Unfortunately, fame brought stress. Adams found it hard to handle money and harder still to meet deadlines. He said, "I love deadlines. I like the whooshing sound they make as they fly by." He suffered from feelings of insecurity and writer's block. He explained, "When you write your first book aged 25 or so you have 25 years of experience, albeit much of it juvenile experience. The second book comes after an extra year sitting in bookshops. Pretty soon you begin to run on empty." His editor sometimes set up a temporary office for herself in Adams' home, so she could help keep him on schedule. He had never intended to be a novelist, after all.
Adams enjoyed the company of people, but fame brought loneliness. Friends introduced him to a London barrister, Jane Belson, and the two vacillated between being roommates, friends, and former friends, then they ultimately married on November 25, 1991. They had a daughter, Polly Jane Rocket Adams, on June 22, 1994. Polly was later featured in a rock video Adams made for Apple, using the first version of iMovie software.
In 1999, the Adams family moved from London to Santa Barbara, so that Adams could negotiate a movie deal with Disney.
Adams was passionate about the guitar - over the years he collected twenty-four left-handed guitars. "I taught myself to play the guitar by listening to Paul Simon records, working it out note by note," Adams explained. "He is an incredibly intelligent musician. He's not someone who has a natural outpouring of melody like McCartney or Dylan, who are just terribly prolific with musical ideas."
Adams sometimes inserted "Hitchhiker's Guide" references into scripts for "Doctor Who."
Adams was an atheist. He once said, "I find the whole business of religion profoundly interesting. But it does mystify me that otherwise intelligent people take it seriously."
The music of Procol Harum was the inspiration for Adams' book, "The Restaurant at the End of the Universe."
When Adams was a student, he wrote a parody play of "Doctor Who" called "Doctor Which."
Adams tried to bring the "Hitchhiker's Guide" to life with a collaborative writing project known as "h2g2." The online venture was eventually hosted by the BBC, as was an online text-based game version of the "Hitchhiker's Guide."
Adams was the first or second person to buy a Mac computer in Europe, and he later wrote a number of tech-themed essays. For example, in an essay titled "What Have We Got to Lose?" he wrote, "Some of the most revolutionary new ideas come from spotting something old to leave out rather than thinking of something new to put in. The Sony Walkman, for instance, added nothing significantly new to the cassette player, it just left out the amplifier and speakers, thus creating a whole new way of listening to music and a whole new industry."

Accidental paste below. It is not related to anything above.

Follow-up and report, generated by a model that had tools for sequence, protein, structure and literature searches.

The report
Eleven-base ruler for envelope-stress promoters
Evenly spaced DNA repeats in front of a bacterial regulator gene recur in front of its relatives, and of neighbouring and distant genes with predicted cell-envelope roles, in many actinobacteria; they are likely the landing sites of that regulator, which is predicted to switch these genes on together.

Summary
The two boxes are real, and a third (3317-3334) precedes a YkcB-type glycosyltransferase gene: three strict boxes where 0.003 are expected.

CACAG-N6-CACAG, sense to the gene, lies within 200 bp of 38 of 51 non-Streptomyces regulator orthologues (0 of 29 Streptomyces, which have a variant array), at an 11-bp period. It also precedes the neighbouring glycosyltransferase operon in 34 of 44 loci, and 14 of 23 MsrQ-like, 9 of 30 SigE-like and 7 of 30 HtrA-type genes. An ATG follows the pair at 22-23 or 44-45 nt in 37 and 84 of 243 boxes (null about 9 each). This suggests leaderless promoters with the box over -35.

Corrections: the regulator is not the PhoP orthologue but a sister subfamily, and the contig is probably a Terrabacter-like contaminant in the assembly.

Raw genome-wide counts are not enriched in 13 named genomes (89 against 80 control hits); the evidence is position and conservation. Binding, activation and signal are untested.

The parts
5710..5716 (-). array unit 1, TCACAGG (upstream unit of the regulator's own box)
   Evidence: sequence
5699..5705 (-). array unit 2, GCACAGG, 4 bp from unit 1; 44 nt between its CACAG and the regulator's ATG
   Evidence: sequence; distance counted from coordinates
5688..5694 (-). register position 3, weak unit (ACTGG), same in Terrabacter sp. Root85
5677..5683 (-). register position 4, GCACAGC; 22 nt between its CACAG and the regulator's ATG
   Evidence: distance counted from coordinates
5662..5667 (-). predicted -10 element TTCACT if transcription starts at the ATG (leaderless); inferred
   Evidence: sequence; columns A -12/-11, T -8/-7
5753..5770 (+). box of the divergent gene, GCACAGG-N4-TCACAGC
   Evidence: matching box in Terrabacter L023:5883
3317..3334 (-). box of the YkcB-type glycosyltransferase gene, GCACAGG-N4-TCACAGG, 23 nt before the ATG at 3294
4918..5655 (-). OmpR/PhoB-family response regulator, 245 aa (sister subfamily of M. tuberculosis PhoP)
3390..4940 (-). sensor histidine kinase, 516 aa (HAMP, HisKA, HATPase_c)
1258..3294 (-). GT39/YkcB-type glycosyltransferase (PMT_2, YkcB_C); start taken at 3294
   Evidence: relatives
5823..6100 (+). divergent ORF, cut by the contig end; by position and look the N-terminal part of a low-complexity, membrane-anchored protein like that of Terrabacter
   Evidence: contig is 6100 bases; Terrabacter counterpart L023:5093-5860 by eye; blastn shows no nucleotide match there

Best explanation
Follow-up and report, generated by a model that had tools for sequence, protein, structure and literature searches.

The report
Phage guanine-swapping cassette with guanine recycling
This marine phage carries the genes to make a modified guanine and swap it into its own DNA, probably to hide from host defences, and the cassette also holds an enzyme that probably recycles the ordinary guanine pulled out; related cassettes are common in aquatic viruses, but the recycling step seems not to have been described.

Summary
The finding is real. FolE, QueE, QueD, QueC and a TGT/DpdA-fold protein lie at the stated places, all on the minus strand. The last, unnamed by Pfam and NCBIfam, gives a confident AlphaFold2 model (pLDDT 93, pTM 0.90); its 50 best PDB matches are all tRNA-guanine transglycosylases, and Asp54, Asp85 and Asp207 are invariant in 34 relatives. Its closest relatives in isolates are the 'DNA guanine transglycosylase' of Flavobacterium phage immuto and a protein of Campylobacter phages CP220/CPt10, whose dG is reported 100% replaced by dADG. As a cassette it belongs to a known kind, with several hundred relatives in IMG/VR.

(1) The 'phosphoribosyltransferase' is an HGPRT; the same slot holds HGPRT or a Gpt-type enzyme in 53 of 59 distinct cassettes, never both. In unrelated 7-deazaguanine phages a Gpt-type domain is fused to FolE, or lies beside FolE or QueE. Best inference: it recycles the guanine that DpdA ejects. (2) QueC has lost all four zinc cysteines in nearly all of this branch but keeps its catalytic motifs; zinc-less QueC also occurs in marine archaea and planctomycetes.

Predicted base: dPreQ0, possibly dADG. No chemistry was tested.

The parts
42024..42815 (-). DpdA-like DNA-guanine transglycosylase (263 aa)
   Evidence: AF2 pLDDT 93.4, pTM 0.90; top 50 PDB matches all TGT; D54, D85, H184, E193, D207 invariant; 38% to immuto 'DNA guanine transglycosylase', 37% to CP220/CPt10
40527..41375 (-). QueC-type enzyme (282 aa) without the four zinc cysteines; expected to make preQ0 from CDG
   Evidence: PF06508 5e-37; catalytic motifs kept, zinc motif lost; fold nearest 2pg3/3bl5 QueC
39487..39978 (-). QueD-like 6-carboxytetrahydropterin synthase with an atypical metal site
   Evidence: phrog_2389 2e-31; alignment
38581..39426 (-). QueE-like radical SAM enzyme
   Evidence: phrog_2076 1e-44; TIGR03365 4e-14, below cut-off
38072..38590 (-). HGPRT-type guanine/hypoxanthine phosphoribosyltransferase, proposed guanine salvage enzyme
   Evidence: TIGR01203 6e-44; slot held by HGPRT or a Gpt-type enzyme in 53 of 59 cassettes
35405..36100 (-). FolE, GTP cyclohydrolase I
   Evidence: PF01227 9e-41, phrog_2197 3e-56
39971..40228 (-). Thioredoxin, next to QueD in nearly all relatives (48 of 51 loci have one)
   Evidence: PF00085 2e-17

Adams was cofounder and Chief Fantasist of The Digital Village, an Internet-based company. Their primary product, "Starship Titanic," won a Codie Award and was nominated for a BAFTA.
Adams once climbed a portion of Mount Kilimanjaro while wearing a rhino suit, in support of Save the Rhino International. He also helped create a radio series and book titled "Last Chance to See," to draw attention to the plight of animal species nearing extinction.
Adams created the title for one of Pink Floyd's albums, "The Division Bell," and he once played onstage with the band.
Two days before Adams died, the Minor Planet Centre announced plans to name an asteroid 18610 Arthurdent, in tribute to the main character in the "Hitchhiker's Guide" series.
Douglas Adams died on May 11, 2001. He suffered a heart attack during a workout at a gym in California. Perhaps he would have appreciated the irony. He left behind many fans, an impressive body of clever writing, and an unfinished novel, "The Salmon of Doubt."
On March 25th each year, Adams' fans celebrate Towel Day, because every space traveler should know where his or her towel is.
Oh, and for those who want to know - Spoiler Alert - the Answer to the Ultimate Question of Life, the Universe, and Everything, is: 42. When asked why he chose this number, Adams replied, "It had to be a number, an ordinary, smallish number and I chose that one. Binary representations, base 13, Tibetan monks are all complete nonsense. I sat at my desk, stared into the garden and thought '42 will do.' I typed it out. End of story."